Mixed cellularity classical Hodgkin’s lymphoma is a form of cancer in the lymph cells.
Approximately 15-30% of patients diagnosed with lymphoma have this type; it is less common in the United States than in other parts of the world, such as Asia.
This form of the disease can appear in patients of any age, and affects men and women almost equally. It is frequently associated with patients who have HIV or the Epstein-Barr virus.
Signs & Symptoms
Symptoms can vary from patient to patient. The most common symptom of this condition is enlarged lymph nodes, either in the neck, underarms, or spleen. This disease usually demonstrates approximately 30 symptoms—any or all of which may affect a patient. These symptoms include:
- Night sweats
- Flu-like symptoms
- Weight loss
- Itchy skin
- Difficulty breathing
- Bone pain and/or fractures
Diagnosis & Treatment
A variety of scans, including CT or CAT, MRI, or x-rays will allow a physician to determine the size and location of the mass through a number of means. An MRI, in particular, can provide a very detailed image of the mass, which allows the physician to determine the best course of treatment for the patient.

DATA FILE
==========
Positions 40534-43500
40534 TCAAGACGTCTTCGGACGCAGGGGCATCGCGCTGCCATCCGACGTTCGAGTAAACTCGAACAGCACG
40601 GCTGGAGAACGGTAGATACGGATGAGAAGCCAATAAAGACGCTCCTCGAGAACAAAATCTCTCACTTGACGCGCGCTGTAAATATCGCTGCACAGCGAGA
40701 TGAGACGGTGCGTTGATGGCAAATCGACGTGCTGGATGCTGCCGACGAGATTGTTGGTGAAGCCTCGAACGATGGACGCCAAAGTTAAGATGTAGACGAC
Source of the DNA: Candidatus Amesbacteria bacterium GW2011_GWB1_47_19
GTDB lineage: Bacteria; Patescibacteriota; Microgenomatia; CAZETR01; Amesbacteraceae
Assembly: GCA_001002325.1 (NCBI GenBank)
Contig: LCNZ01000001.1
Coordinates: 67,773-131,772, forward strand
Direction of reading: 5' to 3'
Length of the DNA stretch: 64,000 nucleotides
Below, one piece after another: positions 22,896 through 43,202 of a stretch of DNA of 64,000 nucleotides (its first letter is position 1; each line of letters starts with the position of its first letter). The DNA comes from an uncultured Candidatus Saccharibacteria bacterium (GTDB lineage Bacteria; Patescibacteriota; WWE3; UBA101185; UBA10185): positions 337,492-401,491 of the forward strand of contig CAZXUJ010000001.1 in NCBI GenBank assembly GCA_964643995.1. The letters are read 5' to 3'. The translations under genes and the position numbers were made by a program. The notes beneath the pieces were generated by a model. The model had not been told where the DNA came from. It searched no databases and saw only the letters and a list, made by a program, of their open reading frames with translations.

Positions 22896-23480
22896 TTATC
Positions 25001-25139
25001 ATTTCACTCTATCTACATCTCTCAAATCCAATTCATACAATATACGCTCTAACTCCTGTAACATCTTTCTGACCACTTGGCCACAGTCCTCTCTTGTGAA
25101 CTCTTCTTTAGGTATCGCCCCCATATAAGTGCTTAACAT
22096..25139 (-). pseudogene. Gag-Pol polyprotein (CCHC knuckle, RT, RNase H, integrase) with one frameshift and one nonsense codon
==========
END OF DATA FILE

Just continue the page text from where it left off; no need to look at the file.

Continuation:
A lymph node biopsy, in which a small piece of tissue is cut away from the mass and examined under a microscope, provides the most definitive diagnosis of this disease.
Treatment will depend on the patient’s overall health and the size, location, and stage of the mass. This type of cancer is often diagnosed as a late-stage disease, which means it is extremely critical that the patient receive treatment right away.
Radiation and chemotherapy are the most frequently prescribed courses of treatment. In very advanced stages, some physicians recommend surgery to remove any lymphomas (troublesome tissue that may or may not be malignant) that may have formed outside of the lymph nodes.
Sometimes stem cell or bone marrow transplants are necessary. For these procedures, the physician will remove the infected blood cells and inject healthy infection-fighting white blood cells into the patient’s bloodstream.
A patient’s prognosis depends on the size, location, and stage of the mass. Additionally, they may experience long-term side effects from their treatment. Some patients have developed heart or pulmonary diseases, infertility, or other complications.
Depending on the stage of the disease and how early and effectively it is treated, some patients can anticipate a 90% chance of a 5-year survival rate after the time of diagnosis.